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Comparing Health Care Proxy with Power of Attorney

This edition of the Koldin Law Center E-Newsletter is part of a series about frequently asked questions comparing legal documents, legal roles, and government benefits.

All prior newsletters are saved on our website. You can read them by clicking here.

We receive many questions from clients and readers of our newsletter asking about the differences between various legal documents, legal roles, and government benefits. In this newsletter we compare the difference between a Health Care Proxy and a Power of Attorney.

Health Care Proxy

A detailed discussion about Health Care Proxies is in the previous newsletter in this series. A Health Care Proxy is a legal document in New York State which allows you to appoint someone to make health care decisions on your behalf, including end of life decisions, if you lose the ability to make decisions for yourself.

Your agent appointed in your Health Care Proxy does not have the authority to handle your finances.

Power of Attorney

A Power of Attorney is an important legal document where you give your agent(s) (person you appoint to serve on your behalf) the legal authority to handle your finances and make other decisions on your behalf.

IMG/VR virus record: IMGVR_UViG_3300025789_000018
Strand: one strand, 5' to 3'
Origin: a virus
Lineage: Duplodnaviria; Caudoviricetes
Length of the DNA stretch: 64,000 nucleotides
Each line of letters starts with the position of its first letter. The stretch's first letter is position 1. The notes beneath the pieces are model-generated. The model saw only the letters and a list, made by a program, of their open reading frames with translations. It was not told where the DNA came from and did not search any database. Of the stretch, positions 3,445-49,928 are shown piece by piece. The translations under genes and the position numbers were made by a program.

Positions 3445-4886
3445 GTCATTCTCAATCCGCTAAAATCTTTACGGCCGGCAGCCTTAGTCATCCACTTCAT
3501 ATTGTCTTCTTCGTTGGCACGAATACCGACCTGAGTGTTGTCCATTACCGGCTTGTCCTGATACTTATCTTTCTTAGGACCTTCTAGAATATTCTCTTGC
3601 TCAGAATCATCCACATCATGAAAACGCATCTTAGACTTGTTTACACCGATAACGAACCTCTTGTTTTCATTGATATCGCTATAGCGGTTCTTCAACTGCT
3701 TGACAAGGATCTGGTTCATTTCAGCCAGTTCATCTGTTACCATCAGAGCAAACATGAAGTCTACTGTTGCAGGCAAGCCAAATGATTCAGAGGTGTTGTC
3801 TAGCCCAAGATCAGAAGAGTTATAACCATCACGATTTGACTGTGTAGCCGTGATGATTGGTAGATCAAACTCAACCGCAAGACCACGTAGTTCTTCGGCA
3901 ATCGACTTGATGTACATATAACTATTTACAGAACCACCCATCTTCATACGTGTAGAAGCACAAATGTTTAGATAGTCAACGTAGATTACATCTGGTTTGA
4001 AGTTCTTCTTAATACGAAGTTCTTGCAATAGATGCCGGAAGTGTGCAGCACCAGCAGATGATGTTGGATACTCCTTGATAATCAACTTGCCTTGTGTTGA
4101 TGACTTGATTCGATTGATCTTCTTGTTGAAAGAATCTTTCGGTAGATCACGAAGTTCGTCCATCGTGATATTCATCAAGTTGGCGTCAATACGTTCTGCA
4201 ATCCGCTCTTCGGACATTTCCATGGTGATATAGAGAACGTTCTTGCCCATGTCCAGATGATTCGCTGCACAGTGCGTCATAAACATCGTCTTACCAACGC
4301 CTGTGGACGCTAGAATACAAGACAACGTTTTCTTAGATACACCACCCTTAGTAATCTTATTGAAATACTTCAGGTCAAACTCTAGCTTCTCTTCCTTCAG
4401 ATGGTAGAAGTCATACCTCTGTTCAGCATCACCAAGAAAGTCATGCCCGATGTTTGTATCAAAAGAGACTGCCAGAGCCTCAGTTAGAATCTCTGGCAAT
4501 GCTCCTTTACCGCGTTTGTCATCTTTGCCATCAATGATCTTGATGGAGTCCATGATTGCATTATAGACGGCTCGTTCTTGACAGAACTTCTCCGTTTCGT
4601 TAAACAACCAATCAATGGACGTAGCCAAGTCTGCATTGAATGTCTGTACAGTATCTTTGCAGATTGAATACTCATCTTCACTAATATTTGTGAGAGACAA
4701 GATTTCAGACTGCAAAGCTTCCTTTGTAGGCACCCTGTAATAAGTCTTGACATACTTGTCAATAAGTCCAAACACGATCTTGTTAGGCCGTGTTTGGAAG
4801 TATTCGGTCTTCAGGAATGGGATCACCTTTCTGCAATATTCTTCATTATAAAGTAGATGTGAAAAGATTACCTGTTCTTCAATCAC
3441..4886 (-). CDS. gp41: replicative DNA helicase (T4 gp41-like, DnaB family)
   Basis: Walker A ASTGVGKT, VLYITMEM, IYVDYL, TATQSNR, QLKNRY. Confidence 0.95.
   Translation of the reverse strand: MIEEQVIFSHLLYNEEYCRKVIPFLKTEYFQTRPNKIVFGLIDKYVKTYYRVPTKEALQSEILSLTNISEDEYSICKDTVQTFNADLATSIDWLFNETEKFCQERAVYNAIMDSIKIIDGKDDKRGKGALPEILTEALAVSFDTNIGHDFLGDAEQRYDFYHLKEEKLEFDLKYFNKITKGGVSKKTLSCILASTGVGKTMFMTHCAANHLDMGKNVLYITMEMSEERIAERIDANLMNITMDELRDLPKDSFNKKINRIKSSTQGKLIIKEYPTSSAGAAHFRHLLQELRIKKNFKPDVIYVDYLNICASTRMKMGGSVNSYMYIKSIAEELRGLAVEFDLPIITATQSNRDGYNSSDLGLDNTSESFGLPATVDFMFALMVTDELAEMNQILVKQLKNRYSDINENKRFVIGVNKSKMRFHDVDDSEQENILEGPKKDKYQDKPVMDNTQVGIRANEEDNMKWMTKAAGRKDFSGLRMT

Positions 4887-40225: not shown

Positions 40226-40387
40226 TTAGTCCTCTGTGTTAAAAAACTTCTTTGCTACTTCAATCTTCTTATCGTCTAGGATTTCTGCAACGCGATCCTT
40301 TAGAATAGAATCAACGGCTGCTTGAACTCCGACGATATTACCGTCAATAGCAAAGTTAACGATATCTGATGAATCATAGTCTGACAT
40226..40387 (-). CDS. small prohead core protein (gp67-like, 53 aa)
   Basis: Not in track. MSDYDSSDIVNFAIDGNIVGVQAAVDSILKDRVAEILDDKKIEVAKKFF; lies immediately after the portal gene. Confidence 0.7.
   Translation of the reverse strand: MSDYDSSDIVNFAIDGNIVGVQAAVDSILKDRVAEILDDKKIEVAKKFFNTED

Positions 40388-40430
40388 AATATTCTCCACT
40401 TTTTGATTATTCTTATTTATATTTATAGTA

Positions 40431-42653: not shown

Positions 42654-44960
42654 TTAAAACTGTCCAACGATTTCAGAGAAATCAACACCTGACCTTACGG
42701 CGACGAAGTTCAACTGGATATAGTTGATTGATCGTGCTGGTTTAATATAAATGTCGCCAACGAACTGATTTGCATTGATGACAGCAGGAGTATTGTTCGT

Your agent appointed in your Power of Attorney does not have the authority to make medical decisions for you.

Does Your Power of Attorney Include Gifting Powers?

New York law provides a standard form commonly known as the “statutory short form.” The “statutory form” has the basic powers. Most general practice attorneys provide their clients with this basic statutory form.

The law then allows for substantial modification of the basic form, including adding language to allow for gifting. We have found that most new clients who come to our office either don’t have a Power of Attorney at all or have one prepared by their family attorney without any gift language.

Without gifting powers, the healthy spouse might be unable to access the ill spouse’s bank accounts, investment accounts, or retirement accounts. This could cause substantial financial hardship for the healthy spouse. Without gifting powers, the healthy spouse might be forced to pursue court guardianship proceedings which can be an expensive and lengthy process.

If someone enters a nursing home and faces the loss of his/her entire life savings, language to allow the agent under the Power of Attorney to transfer assets and take other steps to protect assets from being lost towards the cost of care and to qualify the person for Medicaid coverage is crucial. Without such gifting language, it could become difficult, if not impossible, to protect assets.

Example: Tom and Mary Jones meet with an Elder Law attorney. They are 65 years old. They have never met with an attorney before. They have 2 children ages 35 and 40. As part of their estate planning, they signed Powers of Attorney and a Health Care Proxy. Ten years later, when they are 75 years old, Tom has dementia and is no longer competent.

Since Tom appointed Mary as his Power of Attorney, Mary has the authority to act on Tom’s behalf to access his financial institution accounts.

Also, if the Power of Attorney contains important additional powers such as the power to make gifts, Mary will be able to transfer funds from Tom’s accounts to herself to pay for her living expenses.